ANNAPOLIS, FEB. 11 -- An Annapolis woman who was paralyzed in a charity bed race two years ago has been awarded $2.25 million by a Circuit Court jury here after the makeshift bed she rode hit a curb and propelled her head-first into a telephone pole.
Carolyn Pike, 40, whose neck was broken in the accident and who is now paralyzed from the chest down, won the award against the Maryland chapter of the Muscular Dystrophy Association and a local beer distributor who sponsored the charity race nearly three years ago. Pike, a former head nurse in Anne Arundel General Hospital's intensive care ward and now a co-owner of the Deli Depot restaurant in Annapolis, was unavailable for comment today. "She's very happy," said her husband, James Pike, who takes care of her during the day. "I know she's very pleased with the verdict, and it will make a big difference in her life."
Pike's lawyers, Kathleen Cahill and her father William Cahill, said today that the money, to be equally paid by the defendants, will not give Pike a life of luxury but will help pay for her months in the hospital and for the constant care she will need for the rest of her life. The Cahills would not say whether Pike had insurance to cover her medical expenses.
Jurors deliberated two days before returning their verdict on Wednesday. According to Pike's attorneys, lawyers for all sides in the case reached an agreement while the jury was still deliberating that there will be no appeals and no requests for a new trial.
Bed racing has been a popular fund-raising event for the Muscular Dystrophy Association since the late 1970s, said Ronald A. Baradel, attorney for the association, and has never been considered dangerous. Only one minor accident has been reported, he said, when the mayor of a small Florida town stepped backwards into the path of a slow-moving bed while he was making a speech.
In a bed race wheels are attached to beds that are pushed along a course with a passenger aboard. During the August 1985 mishap, Pike was being pushed along the 70-yard course on Dock Street here when the bed went out of control as it neared the finish line and hit a curb. At least two of the people pushing the bed lost their grip and Pike was hurled into the pole about two feet away, according to testimony at the trial. Pike now has limited use of her arms and cannot use her fingers.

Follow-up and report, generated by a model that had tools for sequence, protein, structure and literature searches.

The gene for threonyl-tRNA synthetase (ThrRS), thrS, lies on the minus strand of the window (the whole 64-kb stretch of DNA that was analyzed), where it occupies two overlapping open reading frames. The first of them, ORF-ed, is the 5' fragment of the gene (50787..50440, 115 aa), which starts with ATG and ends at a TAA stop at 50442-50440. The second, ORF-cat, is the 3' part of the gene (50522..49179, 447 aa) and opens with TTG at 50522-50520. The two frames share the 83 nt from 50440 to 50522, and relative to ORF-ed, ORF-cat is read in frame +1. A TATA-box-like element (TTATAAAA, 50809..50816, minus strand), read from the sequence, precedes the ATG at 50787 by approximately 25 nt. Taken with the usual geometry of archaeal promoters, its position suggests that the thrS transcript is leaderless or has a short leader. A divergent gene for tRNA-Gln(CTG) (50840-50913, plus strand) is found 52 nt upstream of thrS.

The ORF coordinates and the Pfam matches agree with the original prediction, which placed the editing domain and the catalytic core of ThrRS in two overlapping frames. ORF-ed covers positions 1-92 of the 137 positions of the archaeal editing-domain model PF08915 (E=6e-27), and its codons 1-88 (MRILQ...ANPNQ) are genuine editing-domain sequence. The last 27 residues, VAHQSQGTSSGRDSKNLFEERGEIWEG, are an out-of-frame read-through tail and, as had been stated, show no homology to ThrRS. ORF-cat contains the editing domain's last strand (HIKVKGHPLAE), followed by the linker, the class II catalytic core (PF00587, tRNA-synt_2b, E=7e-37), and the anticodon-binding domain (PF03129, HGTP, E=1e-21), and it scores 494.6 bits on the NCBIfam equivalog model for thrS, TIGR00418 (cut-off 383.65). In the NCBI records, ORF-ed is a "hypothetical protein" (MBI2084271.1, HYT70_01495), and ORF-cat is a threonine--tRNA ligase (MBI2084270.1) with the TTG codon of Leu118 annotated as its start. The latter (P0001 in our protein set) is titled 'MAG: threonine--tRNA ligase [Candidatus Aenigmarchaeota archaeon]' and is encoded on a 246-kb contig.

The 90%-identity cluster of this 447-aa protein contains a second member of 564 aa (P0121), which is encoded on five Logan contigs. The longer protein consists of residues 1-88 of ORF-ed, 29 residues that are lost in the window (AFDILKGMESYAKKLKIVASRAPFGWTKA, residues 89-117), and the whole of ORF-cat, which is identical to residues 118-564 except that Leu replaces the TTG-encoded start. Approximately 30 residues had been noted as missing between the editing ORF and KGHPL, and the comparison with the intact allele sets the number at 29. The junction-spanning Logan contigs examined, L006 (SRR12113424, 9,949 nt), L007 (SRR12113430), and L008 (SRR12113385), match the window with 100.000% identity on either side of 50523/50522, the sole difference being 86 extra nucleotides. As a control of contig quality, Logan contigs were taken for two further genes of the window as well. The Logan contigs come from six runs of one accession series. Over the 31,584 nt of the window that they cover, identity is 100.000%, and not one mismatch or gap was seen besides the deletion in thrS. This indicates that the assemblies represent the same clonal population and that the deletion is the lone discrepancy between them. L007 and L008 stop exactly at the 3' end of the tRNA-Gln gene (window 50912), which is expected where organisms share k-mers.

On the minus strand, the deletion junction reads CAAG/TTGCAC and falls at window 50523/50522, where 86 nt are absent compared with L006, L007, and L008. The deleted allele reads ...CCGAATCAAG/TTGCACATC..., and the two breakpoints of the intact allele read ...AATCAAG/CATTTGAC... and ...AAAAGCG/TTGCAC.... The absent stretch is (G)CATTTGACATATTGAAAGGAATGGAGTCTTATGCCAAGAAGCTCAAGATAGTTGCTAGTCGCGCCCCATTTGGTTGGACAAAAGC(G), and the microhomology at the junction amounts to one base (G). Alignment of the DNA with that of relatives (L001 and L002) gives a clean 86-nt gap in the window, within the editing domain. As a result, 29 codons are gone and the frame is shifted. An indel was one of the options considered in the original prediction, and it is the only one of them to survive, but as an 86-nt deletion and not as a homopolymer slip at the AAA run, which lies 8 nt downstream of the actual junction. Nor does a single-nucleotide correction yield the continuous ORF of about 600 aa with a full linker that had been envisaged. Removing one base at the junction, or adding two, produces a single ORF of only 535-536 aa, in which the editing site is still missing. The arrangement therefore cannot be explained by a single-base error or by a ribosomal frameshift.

Pike separated from her husband James Pike a few months before the accident, but he quit his job after the accident and spends each weekday caring for her, according to testimony during the trial. Pike's boyfriend, Thomas Loyet lives at her house and cares for her in the evenings and on weekends.
Pike's lawyers argued during the four-week trial that the association, which raises money to research and treat the muscle-wasting disease, and Katcef Brothers Inc., were guilty of negligence, and had not done enough to make sure the race was safe for participants.
Lawyers for Katcef Brothers and the Muscular Dystrophy Association argued that bed races had been conducted without incident in identical circumstances. "There are no bad guys in this case," Baradel told jurors at the beginning of the trial. "Mrs. Pike was there participating in what was supposed to be have been a fun event to raise money for the Muscular Dystrophy Association . . . . There was, unfortunately, a tragic accident -- what some might term a freak accident."
The jury also settled two secondary suits resulting from the accident, in which Katcef Brothers charged the Muscular Dystrophy Association had not provided the expertise needed to stage the race and the association had charged the beer distributors with failing to obtain releases from participants. The jury agreed with both complaints, but awarded no damages.